3-in-1 'wearable shelter' for Syrian refugees

Tue Feb 9, 2016 8:19am EST
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By Matthew Stock

Design students from London's Royal College of Art have created a prototype coat that transforms into a tent or sleeping bag. They believe the garment could offer aid agencies a cheap and sustainable solution to help refugees arriving in Europe.

The 'wearable shelter' is made from Tyvek, a material that is tough and durable enough to withstand tears. It's also waterproof but breathable, so allows condensation to escape. When transformed into a tent or sleeping bag, the designers say it retains the body heat of the person inside, thanks to a lining made from the insulating material Mylar.

More than 1.1 million people fleeing poverty, war and repression in the Middle East, Asia and Africa reached Europe's shores last year, almost all heading for Germany. Most of those arrived with just the possessions that they could carry. The team from RCA says their wearable shelter is not meant to be a long term solution, but an aid for refugees in the days between arriving in Europe and reaching a processing center.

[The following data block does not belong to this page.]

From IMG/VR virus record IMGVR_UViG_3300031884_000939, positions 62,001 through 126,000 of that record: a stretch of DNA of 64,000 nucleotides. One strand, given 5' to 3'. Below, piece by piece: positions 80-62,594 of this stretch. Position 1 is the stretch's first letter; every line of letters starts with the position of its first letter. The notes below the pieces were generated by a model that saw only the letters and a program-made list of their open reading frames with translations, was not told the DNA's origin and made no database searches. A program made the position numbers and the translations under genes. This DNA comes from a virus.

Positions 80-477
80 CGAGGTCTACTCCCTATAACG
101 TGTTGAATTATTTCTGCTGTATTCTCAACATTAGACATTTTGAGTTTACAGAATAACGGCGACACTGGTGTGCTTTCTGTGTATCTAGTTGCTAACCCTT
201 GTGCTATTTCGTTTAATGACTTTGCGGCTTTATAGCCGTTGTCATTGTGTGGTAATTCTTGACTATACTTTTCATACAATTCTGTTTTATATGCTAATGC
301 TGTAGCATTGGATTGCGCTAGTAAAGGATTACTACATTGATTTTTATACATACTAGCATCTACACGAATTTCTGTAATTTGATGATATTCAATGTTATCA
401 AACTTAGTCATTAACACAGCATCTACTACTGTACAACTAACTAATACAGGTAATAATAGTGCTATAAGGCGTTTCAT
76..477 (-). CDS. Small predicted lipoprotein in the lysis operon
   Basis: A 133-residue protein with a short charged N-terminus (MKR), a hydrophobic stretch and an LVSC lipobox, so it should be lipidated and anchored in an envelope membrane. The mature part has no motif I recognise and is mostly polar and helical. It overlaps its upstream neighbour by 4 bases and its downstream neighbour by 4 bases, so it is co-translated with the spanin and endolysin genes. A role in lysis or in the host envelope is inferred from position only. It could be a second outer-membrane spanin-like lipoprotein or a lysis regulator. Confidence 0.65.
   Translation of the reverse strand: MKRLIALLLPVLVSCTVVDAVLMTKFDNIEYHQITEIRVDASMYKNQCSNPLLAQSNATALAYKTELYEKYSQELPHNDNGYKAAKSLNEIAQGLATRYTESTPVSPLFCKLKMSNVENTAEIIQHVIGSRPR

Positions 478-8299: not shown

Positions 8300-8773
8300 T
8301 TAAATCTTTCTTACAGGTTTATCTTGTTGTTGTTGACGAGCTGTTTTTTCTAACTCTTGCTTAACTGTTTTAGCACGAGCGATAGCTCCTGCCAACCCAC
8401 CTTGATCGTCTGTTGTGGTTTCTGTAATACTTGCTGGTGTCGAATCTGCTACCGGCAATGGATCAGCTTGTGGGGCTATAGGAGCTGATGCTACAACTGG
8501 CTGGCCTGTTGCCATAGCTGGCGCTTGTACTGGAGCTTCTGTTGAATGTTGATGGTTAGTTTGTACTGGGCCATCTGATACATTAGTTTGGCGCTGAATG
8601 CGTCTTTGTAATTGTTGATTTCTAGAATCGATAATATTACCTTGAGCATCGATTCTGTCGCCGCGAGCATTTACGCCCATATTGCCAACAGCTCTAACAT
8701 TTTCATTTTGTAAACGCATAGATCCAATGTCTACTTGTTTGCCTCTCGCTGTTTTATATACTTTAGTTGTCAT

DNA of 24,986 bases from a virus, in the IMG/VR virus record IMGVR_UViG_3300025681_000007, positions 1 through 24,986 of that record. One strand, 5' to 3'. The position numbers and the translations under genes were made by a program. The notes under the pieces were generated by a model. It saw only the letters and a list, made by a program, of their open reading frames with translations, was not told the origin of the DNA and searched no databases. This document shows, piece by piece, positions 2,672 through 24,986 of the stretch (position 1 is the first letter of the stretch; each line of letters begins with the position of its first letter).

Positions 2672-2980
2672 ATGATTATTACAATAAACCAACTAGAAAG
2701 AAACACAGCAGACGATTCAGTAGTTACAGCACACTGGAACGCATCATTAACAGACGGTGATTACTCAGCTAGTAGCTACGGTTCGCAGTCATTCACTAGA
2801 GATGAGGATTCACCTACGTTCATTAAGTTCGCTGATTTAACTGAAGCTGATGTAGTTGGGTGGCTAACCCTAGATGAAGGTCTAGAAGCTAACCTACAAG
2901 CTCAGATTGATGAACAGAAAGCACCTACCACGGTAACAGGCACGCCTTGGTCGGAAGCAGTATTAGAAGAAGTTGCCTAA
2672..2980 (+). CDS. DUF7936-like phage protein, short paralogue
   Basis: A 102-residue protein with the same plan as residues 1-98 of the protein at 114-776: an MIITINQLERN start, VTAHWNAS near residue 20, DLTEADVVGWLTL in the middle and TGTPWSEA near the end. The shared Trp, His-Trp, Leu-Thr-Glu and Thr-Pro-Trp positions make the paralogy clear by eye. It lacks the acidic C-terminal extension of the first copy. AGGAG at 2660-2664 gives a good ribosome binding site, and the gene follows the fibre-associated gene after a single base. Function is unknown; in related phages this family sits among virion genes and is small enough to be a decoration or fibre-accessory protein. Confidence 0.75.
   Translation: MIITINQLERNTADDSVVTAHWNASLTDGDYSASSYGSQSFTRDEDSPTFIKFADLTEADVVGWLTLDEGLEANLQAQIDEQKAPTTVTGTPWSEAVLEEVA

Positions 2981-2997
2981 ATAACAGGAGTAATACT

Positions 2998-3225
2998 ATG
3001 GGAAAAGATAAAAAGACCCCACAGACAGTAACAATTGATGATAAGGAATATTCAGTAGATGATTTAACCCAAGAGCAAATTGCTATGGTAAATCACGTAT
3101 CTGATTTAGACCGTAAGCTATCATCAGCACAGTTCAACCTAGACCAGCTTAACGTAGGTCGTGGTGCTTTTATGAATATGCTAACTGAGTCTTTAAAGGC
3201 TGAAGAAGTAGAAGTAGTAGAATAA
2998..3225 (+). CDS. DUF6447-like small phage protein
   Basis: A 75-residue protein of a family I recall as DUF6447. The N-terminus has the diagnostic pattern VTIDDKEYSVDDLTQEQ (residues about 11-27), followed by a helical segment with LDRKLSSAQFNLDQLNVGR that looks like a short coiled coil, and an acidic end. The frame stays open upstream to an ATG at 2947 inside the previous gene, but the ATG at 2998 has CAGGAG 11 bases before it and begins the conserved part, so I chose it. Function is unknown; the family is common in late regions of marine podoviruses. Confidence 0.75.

"The brief that I set our students to think about how a garment could convert into some kind of shelter for the approximate three-week period that many refugees are spending getting from points of arrival within the EU to processing centers. The idea was to really make sure that the materials used were sustainable, were affordable, could make it very easy and quick for us to mass produce the garment which means we could distribute it quickly and through lots of different agencies," explained project co-leader Dr. Harriet Harriss.

"We contacted a lot of agencies, and one of them was Medicines Sans Frontier which is really involved in helping people on site," said co-designer Ann Sophie Geay. "The first thing we were thinking was how do you have, literally, almost all of your house - how can you wear your house and your personal items and personal belongings?"

The design uses origami-inspired folding to morph into the three structures -- coat, sleeping bag or tent -- with each one taking about a minute for a single person to build.

The team of 10 master's students is still perfecting the current working prototype and experimenting with different materials that will maintain stability while constructed as a tent, such as kite poles that would be slotted into the frame. They are also working on a design that will have add an inflatable element to the structure.

The hooded parka-style jacket has large waterproof storage pockets. It was a prime concern that the garment was able to accommodate a person's possessions, with the weight distributed so as not to cause discomfort.   Continued...